6. SayUncle Says:

    You don’t even know which newspaper you’re talking about.

    I addressed that and i didn’t even mention the name of the paper in the post. I typed the wrong name in a private email. But the globe, in fact, did not disclose that fact.

    Why should anyone trust anything you say on this blog?

    Err, because I corrected my error? And it was an error no one would have even known about (except Glenn) had I not disclosed it?

    But thanks for playing.

  7. Billy Hank Says:

    The earliest example of this sort of journalistic ruse involved William T. Stead, the editor of the Pall Mall Gazette in London in the 1880s. He bought a 13 year old girl and had her shipped to the Continent to show how easy the white slave trade operated. He entrusted the transport of the young girl to a young reporter named George Bernard Shaw.

    The resulting stories raised such a ruckus in Britain that Parliament was forced to raise the age of consent. First, though, they passed a law making it illegal to purchase young girls and ship them abroad, tried and convicted Stead under the statute and kept him locked up for more than a year.

    GBS got an interesting idea for converting the behavior patterns of a young girl and the rest, as they say, is history.

  8. rmd Says:

    Some defense lawyer hotshot says that Bailey (and I presume, by extension, Rosenthal) probably didn’t violate federal law because they gave the gun to the straw purchaser afterward.

    IANAL, but wouldn’t the transfer of a handgun from the resident of one state (Bailey) to a resident of another state (the prison guard) without going through a FFL and filling out a 4473 be a federal felony in and of itself?

  9. Charlie Says:

    This is interesting. I might say it is extremely interesting. Don’t these guys have anything better to do than make life tough for other people?

    As a past class 1 FFL holder (1980-’88) I was always wary of strawman deals. I believe that an alert dealer can usually spot a straw man purchase because the buyer will be interested enough to go on about the merits of his choice, and state his proposed use, but if the client is taciturn you don’t know if he’s hiding something or if he’s just like that.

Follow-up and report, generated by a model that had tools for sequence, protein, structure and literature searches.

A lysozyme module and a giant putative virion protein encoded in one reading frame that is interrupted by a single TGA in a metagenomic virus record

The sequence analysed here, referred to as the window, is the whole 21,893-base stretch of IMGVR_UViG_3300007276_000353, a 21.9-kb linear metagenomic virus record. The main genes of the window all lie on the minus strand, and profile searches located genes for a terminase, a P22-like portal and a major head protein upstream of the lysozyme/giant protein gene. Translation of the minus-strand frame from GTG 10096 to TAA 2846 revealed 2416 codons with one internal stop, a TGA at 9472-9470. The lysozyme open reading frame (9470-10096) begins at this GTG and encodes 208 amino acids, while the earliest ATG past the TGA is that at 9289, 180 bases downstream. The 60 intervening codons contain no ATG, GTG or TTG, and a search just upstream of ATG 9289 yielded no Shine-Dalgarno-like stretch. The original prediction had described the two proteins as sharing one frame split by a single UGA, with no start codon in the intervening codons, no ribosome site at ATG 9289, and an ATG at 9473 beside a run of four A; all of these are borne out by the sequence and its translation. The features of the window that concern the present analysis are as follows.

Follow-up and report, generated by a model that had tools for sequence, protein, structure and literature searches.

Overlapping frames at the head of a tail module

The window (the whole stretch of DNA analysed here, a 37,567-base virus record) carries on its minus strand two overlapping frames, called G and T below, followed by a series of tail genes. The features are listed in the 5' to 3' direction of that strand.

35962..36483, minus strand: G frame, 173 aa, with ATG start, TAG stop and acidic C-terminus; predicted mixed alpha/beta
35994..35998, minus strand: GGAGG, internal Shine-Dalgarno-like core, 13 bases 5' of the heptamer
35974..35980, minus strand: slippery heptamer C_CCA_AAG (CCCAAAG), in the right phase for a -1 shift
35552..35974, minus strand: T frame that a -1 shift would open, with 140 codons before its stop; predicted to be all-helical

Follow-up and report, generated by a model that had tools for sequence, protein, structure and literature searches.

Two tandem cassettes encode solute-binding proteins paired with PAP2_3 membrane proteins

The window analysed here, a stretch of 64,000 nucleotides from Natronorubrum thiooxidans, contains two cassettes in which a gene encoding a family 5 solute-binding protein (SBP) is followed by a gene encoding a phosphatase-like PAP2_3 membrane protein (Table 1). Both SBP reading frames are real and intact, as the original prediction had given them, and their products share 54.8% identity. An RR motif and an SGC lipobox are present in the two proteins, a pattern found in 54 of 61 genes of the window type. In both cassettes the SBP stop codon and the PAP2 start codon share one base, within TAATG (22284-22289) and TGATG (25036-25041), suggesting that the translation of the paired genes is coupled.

Clearly these cretins committed a federal crime, and suborned a citizen to do their dirty work. Do they want we should kiss them?

    Sheesh!
    Charlie

  10. HerrBGone Says:

    If you or I had done this we’d be stocking up on soap-on-a-rope. Why aren’t they? Hopefully it’s just a matter of an intelligent and thorough DA taking his time to collect the evidence and build his case.

  11. nobody important Says:

    Hey, they meant well.

  12. thirdpower Says:

    Bailey responds:

    http://www.boston.com/business/globe/articles/2007/07/20/the_atf__me/

  13. SayUncle » Steve Bailey of the Boston Globe Responds Says:

    […] That’s the best you can do? I mean, you broke the law and then failed to mention the involvement of anti-gun group’s in your, uh,…. And somehow that’s the fault of that evil gun lobby? Twenty months ago, a lifetime in […]

  14. Jeffersonian Says:

    IANAL, but wouldn’t the transfer of a handgun from the resident of one state (Bailey) to a resident of another state (the prison guard) without going through a FFL and filling out a 4473 be a federal felony in and of itself?

    I hadn’t thought about it but that’s probably correct, particularly in the case of a handgun.

  15. SayUncle » I’m sticking with the bullying and the lying Says:

    […] Amendment Foundation is sticking to its guns about alleged journalist Steve Bailey (prior coverage here and here) breaking the law: Boston Globe columnist Steve Bailey is having a hissy fit about finding […]

  16. SayUncle » I’d like to give a shout out to my homies in Boston Says:

    […] see from my logs that the Boston Globe is checking us out. I wonder why that […]